One thing that totally triggers me into panic and tears is when someone talks down on me in a stern and/or angry way. That already makes me feel like I’ve done something wrong, but when the words “do you understand?” are added to it, I get angry and sad and those feelings of being abused 20 years ago come back. I am not dumb. I read and speak 3 languages. I understand words on paper. I understand spoken words. I do not wish to be talked to like I am dumb or like I do not understand simple words. If in the rare case that I don’t understand the words, I will ASK, but do not assume, never assume that I might have problems with understanding. Why does this upset me so much? Because 20 years ago I was made out to be a dumb woman and was not allowed to make decisions and whenever I did make a decision, I was called out for being stupid and I was physically abused. Hit to the floor. Hair literally pulled out. Burned with a cigarette.

trigger warnings
Picture borrowed from T. Frohock

You see, I do understand trauma triggers as I am a survivor of trauma. The two I mentioned, and some others. My life was not easy up to 12 years ago, but you will (almost) never hear me about that. I prefer to look at the positive side of life. I have worked through them and put them behind me and I will not allow those traumas to define me. When I stumble across text that upset me, I stop reading and I don’t make a fuzz about what I have read. I move on. Another great piece I read is of T. Frohock. She echoes my feelings exactly. The piece is short, please read it.

Like I said, I understand trauma triggers, but I just don’t want them to be compulsory on literature – whether on a blog or in a book. To every rule there’s an exception, but that is not the purpose of this blog post. Books have blurbs on the back telling you what the book is about. If a book is about incest, you can bet your ass on it that I will not read it. Not that I have experienced incest, but just the mere thought of it makes me nauseous. My blog is about sex. In the sidebar I mention that I am owned by Master T. Simple calculation will tell you that I might write about some darker subjects.

And, to get back to the story that triggered the conversation on Twitter, how much of a trigger warning do you need when the story is called ‘Dark Fantasy’?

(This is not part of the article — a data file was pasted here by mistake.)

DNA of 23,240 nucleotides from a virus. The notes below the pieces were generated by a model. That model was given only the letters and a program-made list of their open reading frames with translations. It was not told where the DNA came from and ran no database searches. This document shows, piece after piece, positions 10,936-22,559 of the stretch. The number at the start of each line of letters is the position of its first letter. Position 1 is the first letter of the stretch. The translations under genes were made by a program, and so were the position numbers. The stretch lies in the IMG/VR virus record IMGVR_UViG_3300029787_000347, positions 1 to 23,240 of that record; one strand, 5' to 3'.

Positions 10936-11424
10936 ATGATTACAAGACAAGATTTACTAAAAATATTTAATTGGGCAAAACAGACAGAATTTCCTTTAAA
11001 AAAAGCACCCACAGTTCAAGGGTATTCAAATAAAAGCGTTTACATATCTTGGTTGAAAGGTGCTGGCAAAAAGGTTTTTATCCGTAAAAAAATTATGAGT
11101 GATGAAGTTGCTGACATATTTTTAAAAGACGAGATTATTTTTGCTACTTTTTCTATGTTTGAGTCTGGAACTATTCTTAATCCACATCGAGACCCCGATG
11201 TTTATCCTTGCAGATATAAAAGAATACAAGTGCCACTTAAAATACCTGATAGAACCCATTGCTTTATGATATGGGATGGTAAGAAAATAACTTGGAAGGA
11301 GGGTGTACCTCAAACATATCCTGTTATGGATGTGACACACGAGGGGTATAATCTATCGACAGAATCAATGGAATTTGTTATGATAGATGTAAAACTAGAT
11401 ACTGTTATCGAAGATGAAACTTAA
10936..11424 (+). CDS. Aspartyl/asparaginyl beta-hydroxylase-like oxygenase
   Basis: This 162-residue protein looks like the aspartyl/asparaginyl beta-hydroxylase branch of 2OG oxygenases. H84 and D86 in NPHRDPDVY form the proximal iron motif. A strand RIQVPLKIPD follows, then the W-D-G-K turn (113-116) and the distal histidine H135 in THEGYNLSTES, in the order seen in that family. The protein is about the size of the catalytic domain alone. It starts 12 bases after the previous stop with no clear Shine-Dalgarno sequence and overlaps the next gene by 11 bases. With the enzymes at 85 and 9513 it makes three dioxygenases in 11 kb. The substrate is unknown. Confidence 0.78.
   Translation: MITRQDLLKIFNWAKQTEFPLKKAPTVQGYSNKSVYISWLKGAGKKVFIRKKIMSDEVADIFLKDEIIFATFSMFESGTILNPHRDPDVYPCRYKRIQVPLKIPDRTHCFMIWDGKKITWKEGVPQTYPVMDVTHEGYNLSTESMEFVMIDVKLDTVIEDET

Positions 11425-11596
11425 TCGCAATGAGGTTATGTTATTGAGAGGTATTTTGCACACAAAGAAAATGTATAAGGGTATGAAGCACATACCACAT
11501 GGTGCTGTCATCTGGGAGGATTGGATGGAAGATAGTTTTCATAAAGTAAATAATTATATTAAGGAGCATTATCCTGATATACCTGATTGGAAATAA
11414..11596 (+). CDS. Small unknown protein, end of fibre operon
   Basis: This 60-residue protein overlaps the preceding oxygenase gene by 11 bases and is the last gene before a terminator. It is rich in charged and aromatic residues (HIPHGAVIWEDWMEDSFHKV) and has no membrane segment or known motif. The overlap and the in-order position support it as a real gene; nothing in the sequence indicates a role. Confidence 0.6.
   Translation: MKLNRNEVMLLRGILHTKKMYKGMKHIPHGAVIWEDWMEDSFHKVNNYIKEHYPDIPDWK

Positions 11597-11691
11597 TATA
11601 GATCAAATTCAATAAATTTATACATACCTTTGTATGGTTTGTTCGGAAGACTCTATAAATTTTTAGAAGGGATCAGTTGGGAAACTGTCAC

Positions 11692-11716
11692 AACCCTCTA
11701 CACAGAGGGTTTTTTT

© Rebel’s Notes

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Wicked Wednesday

11 thoughts on “My take on trigger warnings

  1. So very true on the story’s title. And reading the back of a book. I, too, was abused sexually at 8, mentally abused for years in my 20s, and some things will trigger it, but it will be nothing that I read. The back of a book is suffice to tell me what I want to pursue, like the previews in movies.
    And as my sister pointed out in her take on this topic – if something does trigger a memory for me, I sort it out and move on. Life happens, I grow stronger and more aware of myself in dealing with things.
    Well done for tackling this subject head-on, and invited otherwise to add their own voices in an intelligent and open-minded format.

    1. I know there were quite some people who saw it differently from you and me, but that’s okay. We are all entitled to our own opinion and the reason for this prompt was to get all those opinions voiced. It sounds like you and I have exactly the same opinion, and yes, I can also understand why some people want TW’s on posts/books.

  2. Another interesting and personal point of view.

    I feel that warnings on classic literature are pointless, many of them have been around for so many years that more than enough is known (or can be found out) about them that any warning is superfluous.

    I do however feel that if an author/writer feels the need to add a warning to their fiction then that is their choice and I for one would appreciate it.

    ~Mia~ xx

    1. I agree, it should be the author’s choice. I might have chosen my words a bit awkwardly in the post, because I was more or less angry when I wrote it. The author should choose whether a warning on his work. It should not be forced on the author. That looks too much like censorship to me.

      Rebel xox

  3. I had no idea these TW’s even existed, let alone what they meant. Thanks for your post Marie, I feel like I’m part of ‘the well educated’ now. 🙂
    Since I had no knowledge of their existence, I haven’t used TW’s in any of my books. I do however put a warning on one of the first pages of each book, saying if people have no clue what BDSM stands for, they might want to chose to read a book of a different genre.

    Best Regards,

    1. I think the warnings that you put on your books, can be considered to be TW’s. As long as TW’s are not made compulsory, they are okay. The author should be able to choose whether he wants to use TW’s.

  4. I want to thank you once again for easing my mind at the time and now again. I am not planning to put any warning on any story of mine.

    Like you, I love reading all the opinions, and especially those of people who have suffered traumas.

    Rebel xox